UK’s Cameron visits China seeking trade, influence

LONDON (AP) — Britain’s Prime Minister David Cameron leads his country’s largest ever official delegation to China on Monday, hoping to win trade and woo a powerful potential ally as London seeks to cultivate ties beyond Washington and Europe.

Cameron, accompanied by four Cabinet ministers and about 50 business leaders, will arrive Tuesday for two days of talks in Beijing — his second major trip to court an emerging economy following a high-profile visit to India in July.

Britain’s new government has made trade with developing economies its key foreign policy priority, hoping to spur the country’s sluggish growth by boosting exports.

“China represents the biggest source of demand in the world for many of the products that we in the U.K. have to offer,” Business Secretary Vince Cable said in a statement. “This makes it a very lucrative market for our businesses.”

Cameron is joined by executives from companies including Rolls-Royce, Tesco PLC, Barclays and Diageo PLC., as well as Cable, Treasury chief George Osborne, Energy and Climate Change Secretary Chris Huhne and Education Secretary Michael Gove.

Cameron will meet with Chinese President Hu Jintao and holds talks Tuesday in Beijing with Premier Wen Jiabao. In a speech Wednesday, the British leader will insist that his country still has clout on the world stage.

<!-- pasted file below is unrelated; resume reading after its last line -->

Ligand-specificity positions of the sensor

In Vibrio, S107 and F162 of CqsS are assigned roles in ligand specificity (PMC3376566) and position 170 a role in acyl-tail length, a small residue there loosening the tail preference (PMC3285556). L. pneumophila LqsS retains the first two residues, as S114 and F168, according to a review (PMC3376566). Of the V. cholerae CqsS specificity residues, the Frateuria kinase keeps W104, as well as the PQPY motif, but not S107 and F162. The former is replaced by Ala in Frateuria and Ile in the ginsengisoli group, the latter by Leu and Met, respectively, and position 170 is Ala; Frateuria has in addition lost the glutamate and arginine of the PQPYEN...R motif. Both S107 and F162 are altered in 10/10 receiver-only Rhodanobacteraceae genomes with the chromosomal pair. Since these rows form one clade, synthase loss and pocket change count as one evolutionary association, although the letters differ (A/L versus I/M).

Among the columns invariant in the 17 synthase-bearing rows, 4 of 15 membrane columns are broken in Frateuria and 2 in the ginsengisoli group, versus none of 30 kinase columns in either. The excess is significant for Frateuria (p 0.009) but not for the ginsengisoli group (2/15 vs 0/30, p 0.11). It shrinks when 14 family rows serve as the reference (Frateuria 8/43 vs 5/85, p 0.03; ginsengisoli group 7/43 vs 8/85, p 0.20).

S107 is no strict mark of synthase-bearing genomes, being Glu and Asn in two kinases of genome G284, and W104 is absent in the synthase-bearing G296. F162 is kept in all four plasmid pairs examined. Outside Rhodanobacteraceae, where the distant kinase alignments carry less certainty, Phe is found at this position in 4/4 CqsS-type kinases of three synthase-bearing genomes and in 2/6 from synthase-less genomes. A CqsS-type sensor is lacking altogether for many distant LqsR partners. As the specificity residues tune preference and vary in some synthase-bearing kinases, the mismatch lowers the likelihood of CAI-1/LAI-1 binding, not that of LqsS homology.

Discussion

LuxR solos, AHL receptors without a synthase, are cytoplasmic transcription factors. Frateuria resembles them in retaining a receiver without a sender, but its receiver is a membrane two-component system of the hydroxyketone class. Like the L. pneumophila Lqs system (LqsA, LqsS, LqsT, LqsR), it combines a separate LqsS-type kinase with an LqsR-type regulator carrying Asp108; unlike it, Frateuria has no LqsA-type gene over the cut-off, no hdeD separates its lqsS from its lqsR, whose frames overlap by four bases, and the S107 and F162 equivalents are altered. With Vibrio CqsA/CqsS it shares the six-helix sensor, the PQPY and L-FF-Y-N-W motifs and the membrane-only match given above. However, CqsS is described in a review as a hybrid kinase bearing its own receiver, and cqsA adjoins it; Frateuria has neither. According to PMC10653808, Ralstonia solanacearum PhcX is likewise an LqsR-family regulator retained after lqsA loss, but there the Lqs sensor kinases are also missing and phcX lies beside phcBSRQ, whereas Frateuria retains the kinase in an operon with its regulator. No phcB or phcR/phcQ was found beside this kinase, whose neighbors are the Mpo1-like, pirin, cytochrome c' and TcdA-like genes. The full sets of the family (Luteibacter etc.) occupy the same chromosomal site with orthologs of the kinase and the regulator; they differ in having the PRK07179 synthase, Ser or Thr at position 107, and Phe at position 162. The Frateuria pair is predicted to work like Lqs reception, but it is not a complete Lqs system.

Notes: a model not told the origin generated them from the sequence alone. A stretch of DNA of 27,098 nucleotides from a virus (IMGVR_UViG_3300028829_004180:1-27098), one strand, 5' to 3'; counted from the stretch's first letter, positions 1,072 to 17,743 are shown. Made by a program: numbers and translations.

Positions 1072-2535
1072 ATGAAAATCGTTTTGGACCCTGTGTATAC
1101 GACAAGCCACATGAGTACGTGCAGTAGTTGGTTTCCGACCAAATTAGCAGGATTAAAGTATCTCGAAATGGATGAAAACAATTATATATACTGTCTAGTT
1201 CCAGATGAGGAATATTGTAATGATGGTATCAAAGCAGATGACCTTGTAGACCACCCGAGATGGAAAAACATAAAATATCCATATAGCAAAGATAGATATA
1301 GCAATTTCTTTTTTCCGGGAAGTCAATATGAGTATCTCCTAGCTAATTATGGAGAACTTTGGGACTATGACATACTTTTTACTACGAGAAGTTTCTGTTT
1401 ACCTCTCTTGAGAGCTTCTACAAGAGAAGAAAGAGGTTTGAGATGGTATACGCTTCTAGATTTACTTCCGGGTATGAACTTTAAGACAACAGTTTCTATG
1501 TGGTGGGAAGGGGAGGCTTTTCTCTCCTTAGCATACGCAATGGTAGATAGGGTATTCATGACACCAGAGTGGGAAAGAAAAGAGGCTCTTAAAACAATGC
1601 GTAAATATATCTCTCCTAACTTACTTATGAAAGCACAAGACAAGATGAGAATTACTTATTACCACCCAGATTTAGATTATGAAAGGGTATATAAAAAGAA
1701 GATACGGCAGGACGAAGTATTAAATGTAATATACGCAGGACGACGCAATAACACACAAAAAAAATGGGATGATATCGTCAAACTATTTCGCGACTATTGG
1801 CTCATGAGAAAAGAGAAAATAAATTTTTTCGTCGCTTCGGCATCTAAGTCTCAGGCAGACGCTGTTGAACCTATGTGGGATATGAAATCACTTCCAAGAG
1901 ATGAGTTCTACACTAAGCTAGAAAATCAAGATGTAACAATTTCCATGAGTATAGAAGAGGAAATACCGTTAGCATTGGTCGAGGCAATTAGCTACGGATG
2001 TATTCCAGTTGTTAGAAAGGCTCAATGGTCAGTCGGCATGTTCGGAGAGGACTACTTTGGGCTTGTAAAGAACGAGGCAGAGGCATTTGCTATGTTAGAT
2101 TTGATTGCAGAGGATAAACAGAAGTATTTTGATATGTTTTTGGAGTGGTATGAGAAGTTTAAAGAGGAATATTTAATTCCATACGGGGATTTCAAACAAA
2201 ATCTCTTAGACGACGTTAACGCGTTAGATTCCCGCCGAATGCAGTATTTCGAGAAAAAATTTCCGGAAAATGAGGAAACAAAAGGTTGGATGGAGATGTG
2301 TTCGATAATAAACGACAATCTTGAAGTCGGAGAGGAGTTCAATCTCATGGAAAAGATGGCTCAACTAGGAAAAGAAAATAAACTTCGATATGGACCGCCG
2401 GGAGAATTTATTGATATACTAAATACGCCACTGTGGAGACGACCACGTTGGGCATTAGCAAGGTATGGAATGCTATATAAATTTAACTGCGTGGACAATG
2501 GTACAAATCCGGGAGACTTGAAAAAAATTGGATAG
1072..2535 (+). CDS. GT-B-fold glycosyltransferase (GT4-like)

“He will remind China that Britain matters, and that Britain is a strong trading partner for China,” said a Cameron spokesman, on customary condition of anonymity in line with policy.

Last year, China was Britain’s third-largest source of imports and ninth-largest export market.

Ahead of the visit, Britain’s business ministry said it had agreed a deal with Chinese authorities to ensure only whisky produced in Scotland can be marketed in China as Scotch — a move it said would increase sales.

“If it says Scotch whisky on the bottle, it will be Scotch whisky in the bottle in China’s bars, restaurants, hotels and homes,” said Jim Paice, agriculture minister.

Cameron’s office confirmed that the leader will challenge China over its human rights record during his visit, but declined to say in advance which specific issues he would raise.

His visit is the first by a U.K. leader since the execution in December of 53-year-old British man, Akmal Shaikh, for drug smuggling.

Leader of the House of Commons George Young, a lawmaker with Cameron’s Conservative Party, has said Cameron will also discuss the case of jailed Chinese human rights activist Liu Xiaobo, who last month was awarded the Nobel Peace Prize.

On previous visits overseas, the British chief has often been outspoken.

During talks in Turkey in July, Cameron sharply criticized Israel’s raid on a Gaza-bound flotilla and said the Palestinian territory “cannot and must not be allowed to remain a prison camp.” While in India during the same trip, he said Pakistan must not be allowed “to promote the export of terror,” offending Islamabad.

During Britain’s election campaign Cameron suggested the country must retain its arsenal of nuclear weapons in part because of doubts about China’s relations with the rest of the world.

“Are we really happy to say that we’d give up our independent nuclear deterrent when we don’t know what is going to happen with Iran, we can’t be certain of the future in China?” he said in April, during the televised foreign policy debate.

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